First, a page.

Three Western Carolina University students recently received citations for their internship work with the U.S. Public Health Service during the summer.
The students are Carla Catalan, Amy Jackson and Emylee Prevette, environmental health seniors at WCU. All three students interned as active duty officers in the Commissioned Officer Student Training Extern Program during the summer months, and upon graduation, they can apply for full-time active duty in a career with the Public Health Service.
Catalan, from Winston-Salem, interned in Tucson, Ariz., where she vaccinated more than 1,000 dogs and cats and created a database with information such as owners’ names and rabies identification numbers. Catalan’s minor in Spanish helped her interpret a test for food handlers so those who speak Spanish would be able to take the test. She also participated in conducting several health inspections on the Tohono O’odham Indian Reservation and the Pascua Yaqui Indian Reservation. She received a Public Health Service citation. Catalan graduated from Forsyth High School in 2004, and her mother is Maria Cabell.
“Sitting in a classroom, sometimes I forget that there are people in the world, in our own country, that have not had the opportunities I have been blessed with,” said Catalan. “Being in Arizona served as a strong reminder that there are still people and animals that need help.”
Jackson, from Morganton, developed a marketing tool to promote the Agency for Toxic Substances and Disease Registry’s cooperative agreement program during her internship in Atlanta, Ga. She received an award for outstanding performance in the agency’s student training and extern program. Jackson graduated from Freedom High School in 1996, and her mother is Wanda Largent and her children are Alayna and Josiah Jackson.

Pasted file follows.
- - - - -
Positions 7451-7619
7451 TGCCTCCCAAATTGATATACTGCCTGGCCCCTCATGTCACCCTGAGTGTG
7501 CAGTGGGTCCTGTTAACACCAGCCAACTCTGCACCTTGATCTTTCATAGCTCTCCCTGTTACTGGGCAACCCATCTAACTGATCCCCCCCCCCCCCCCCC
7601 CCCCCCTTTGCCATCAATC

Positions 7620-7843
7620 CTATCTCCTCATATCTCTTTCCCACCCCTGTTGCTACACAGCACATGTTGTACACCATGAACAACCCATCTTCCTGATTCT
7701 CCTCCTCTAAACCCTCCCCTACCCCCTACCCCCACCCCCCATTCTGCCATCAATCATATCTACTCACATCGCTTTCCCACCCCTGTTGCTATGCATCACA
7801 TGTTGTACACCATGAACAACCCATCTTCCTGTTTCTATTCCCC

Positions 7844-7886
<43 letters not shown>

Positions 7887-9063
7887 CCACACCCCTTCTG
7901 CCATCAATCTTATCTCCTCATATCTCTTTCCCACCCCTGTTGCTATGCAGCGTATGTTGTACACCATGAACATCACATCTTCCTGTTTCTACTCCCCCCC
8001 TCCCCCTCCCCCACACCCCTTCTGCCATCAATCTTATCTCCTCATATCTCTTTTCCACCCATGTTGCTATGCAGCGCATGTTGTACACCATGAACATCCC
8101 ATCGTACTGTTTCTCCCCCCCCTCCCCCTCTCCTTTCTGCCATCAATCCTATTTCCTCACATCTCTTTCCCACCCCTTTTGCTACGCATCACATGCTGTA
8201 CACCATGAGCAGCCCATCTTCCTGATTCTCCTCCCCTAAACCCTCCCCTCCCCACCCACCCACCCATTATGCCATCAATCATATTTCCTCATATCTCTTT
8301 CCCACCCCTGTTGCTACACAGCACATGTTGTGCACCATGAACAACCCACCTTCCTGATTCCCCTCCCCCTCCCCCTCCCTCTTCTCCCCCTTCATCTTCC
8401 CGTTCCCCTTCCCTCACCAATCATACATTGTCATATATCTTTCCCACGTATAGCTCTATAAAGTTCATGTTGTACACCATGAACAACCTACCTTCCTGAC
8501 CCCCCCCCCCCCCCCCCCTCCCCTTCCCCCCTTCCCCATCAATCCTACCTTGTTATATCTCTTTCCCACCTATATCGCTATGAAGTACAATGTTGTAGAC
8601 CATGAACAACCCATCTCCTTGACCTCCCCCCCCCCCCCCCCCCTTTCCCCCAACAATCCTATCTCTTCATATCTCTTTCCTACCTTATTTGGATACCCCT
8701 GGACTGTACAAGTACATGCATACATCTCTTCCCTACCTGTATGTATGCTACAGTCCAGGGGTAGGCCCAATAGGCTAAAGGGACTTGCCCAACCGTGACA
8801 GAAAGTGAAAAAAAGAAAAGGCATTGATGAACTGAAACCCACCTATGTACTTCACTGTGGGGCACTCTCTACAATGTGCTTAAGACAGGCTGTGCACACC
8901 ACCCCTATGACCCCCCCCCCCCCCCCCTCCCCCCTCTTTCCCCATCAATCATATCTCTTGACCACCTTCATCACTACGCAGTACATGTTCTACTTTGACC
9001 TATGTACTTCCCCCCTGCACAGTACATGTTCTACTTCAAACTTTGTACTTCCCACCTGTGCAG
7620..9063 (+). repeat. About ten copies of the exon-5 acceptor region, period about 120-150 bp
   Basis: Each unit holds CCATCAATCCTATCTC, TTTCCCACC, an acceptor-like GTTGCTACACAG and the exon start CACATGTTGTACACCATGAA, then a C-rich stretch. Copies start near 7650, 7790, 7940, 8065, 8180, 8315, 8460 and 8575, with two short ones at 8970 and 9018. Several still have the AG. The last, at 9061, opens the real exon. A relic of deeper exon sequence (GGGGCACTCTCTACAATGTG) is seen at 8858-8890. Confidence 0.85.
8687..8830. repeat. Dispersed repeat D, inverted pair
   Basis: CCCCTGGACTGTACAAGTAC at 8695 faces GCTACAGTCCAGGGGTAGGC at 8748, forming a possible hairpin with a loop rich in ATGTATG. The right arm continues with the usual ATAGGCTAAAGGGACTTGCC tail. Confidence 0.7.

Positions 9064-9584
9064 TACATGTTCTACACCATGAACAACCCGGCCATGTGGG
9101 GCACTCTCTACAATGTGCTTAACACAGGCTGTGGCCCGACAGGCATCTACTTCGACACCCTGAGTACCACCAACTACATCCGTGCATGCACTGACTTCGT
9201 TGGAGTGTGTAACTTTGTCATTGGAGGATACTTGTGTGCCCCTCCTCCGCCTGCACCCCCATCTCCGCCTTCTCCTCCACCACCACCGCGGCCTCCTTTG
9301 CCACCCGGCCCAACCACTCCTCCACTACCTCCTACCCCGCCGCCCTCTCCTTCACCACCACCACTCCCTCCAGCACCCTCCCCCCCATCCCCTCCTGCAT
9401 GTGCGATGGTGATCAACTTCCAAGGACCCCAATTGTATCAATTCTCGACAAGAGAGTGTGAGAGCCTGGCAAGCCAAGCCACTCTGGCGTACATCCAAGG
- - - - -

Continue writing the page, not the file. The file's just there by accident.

“I was very excited to work at a division of the Centers for Disease Control and Prevention,” Jackson said. “I enjoyed being part of such an important government agency. My mentors and preceptor at ATSDR are all considered to be the best of the best. I am honored to have worked with them this summer.”
Prevette, from Hamptonville, also interned in Tucson, Ariz., and worked on a variety of projects, including food surveys, food handlers’ training classes, rabies clinics, mercury monitoring and mosquito collection for West Nile virus testing. She received a Public Health Service citation. Prevette graduated from Starmount High School in 2004, and her parents are Kyle and Cynthia Prevette.
“Not only was the internship beneficial in a professional sense, it also was a wonderful experience in terms of personal growth,” said Prevette. “I am thankful for all the guidance I have received from my professors at Western, my mentors in the USPHS, and most of all, the continuous support and encouragement of my family.”
Cmdr. Don Williams of the U.S. Public Health Services, a WCU alumnus who acted as a mentor for Catalan and Prevette, said the WCU students performed valuable services. “The database to track animals vaccinated for rabies has saved several persons from having to undergo the series of rabies shots required if the animal cannot be found, and it also has reunited lost pets with their owners,” Williams said. “I felt their contributions warranted the award.”
WCU environmental health students have a unique opportunity to become Public Health Service officers, said Williams. The environmental health category only accepts students from accredited programs, and the WCU program has been accredited since the 1980s. There are only 29 accredited programs nationwide.
For more information about WCU’s environmental health sciences program, contact Burton Ogle by phone at (828) 227-3527 or by e-mail at firstname.lastname@example.org.